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Catalan premier sent letter to Trump, pope asking for support on referendum

In a missive written to the prime minister, Quim Torra called on world leaders to mediate a vote and said he was willing to negotiate with the Spanish government

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Catalan premier Quim Torra. EFE

Catalan premier Quim Torra sent a letter at the end of September to Spanish Prime Minister Pedro Sánchez, copied to US President Donald Trump, the pope and other world leaders, in which he asked for help in mediating a referendum on Catalan independence.

According to the Spanish newspaper El Periódico, Torra expresses willingness to engage in negotiations with the government and makes no reference of the ultimatum he made on Tuesday, when he threatened to withdraw support for the Socialist Party (PSOE) government in Congress if Sánchez does not propose an authorized referendum on secession from Spain within a month.

For all our sakes, a managed transition would be the preferable course

Catalan premier Quim Torra

The letter is written in English and addressed to Sánchez, but Torra also copied in Trump, Pope Francis, EU heads of government and the presidents of China, Ukraine and Kosovo.

In the letter, the Catalan premier calls on Sánchez “to authorize your government to enter mediated dialogue as quickly as possible,” arguing the “gap is not, in my view, unbridgeable.”

Torra states that “the Catalan side is not fixed upon securing immediate independence from Spain,” but rather “to ensure respect for the democratically expressed will of the majority of the Catalan population, through a legally binding free and fair referendum, in which both sides agree to abide by the results.”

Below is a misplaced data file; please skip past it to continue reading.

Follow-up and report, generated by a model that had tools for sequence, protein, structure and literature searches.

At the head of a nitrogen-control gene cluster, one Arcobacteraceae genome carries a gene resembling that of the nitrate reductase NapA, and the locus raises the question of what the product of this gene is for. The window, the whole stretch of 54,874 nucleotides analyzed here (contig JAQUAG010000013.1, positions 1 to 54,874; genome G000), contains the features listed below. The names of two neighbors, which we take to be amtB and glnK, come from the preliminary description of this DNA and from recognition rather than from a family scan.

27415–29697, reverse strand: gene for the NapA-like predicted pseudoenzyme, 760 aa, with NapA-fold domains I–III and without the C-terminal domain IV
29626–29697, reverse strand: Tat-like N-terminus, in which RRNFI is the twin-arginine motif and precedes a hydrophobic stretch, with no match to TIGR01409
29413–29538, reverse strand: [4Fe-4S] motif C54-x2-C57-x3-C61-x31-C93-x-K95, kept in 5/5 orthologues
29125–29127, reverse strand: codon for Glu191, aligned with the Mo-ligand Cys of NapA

Torra writes that it “would be increasingly more difficult” to move onto negotiations if the nine Catalan independence leaders who are currently in pre-trial detention for their involvement in last year’s unauthorized referendum and unilateral declaration of independence remain in prison.

In the letter, Torra suggests that Sánchez ask the public prosecutor to withdraw the charges against the nine or release them on bail as a gesture of good will. “Providing the nine have been released, the Catalan side is ready to explore all possible options with Madrid,” he adds.

The Catalan side is not fixed upon securing immediate independence from Spain

Catalan premier Quim Torra

The letter ends with the assertion: “For all our sakes, a managed transition would be the preferable course.”

News of the letter comes amid growing divisions in the Catalan independence movement, which is divided between those who want to reduce tensions in order to add new supporters to the cause – a group headed by the Catalan Republican Left (ERC), a historical party whose leader Oriol Junqueras is in pre-trial detention over last year’s failed secession bid – and those who want to ramp up the pressure, such as the anti-establishment CUP party, a small group whose parliamentary support has been pivotal to keeping separatists in power.

Torra, meanwhile, is accused by radical separatists of betraying “the spirit of October 1” and failing to openly disobey the state’s institutions.

English version by Melissa Kitson.

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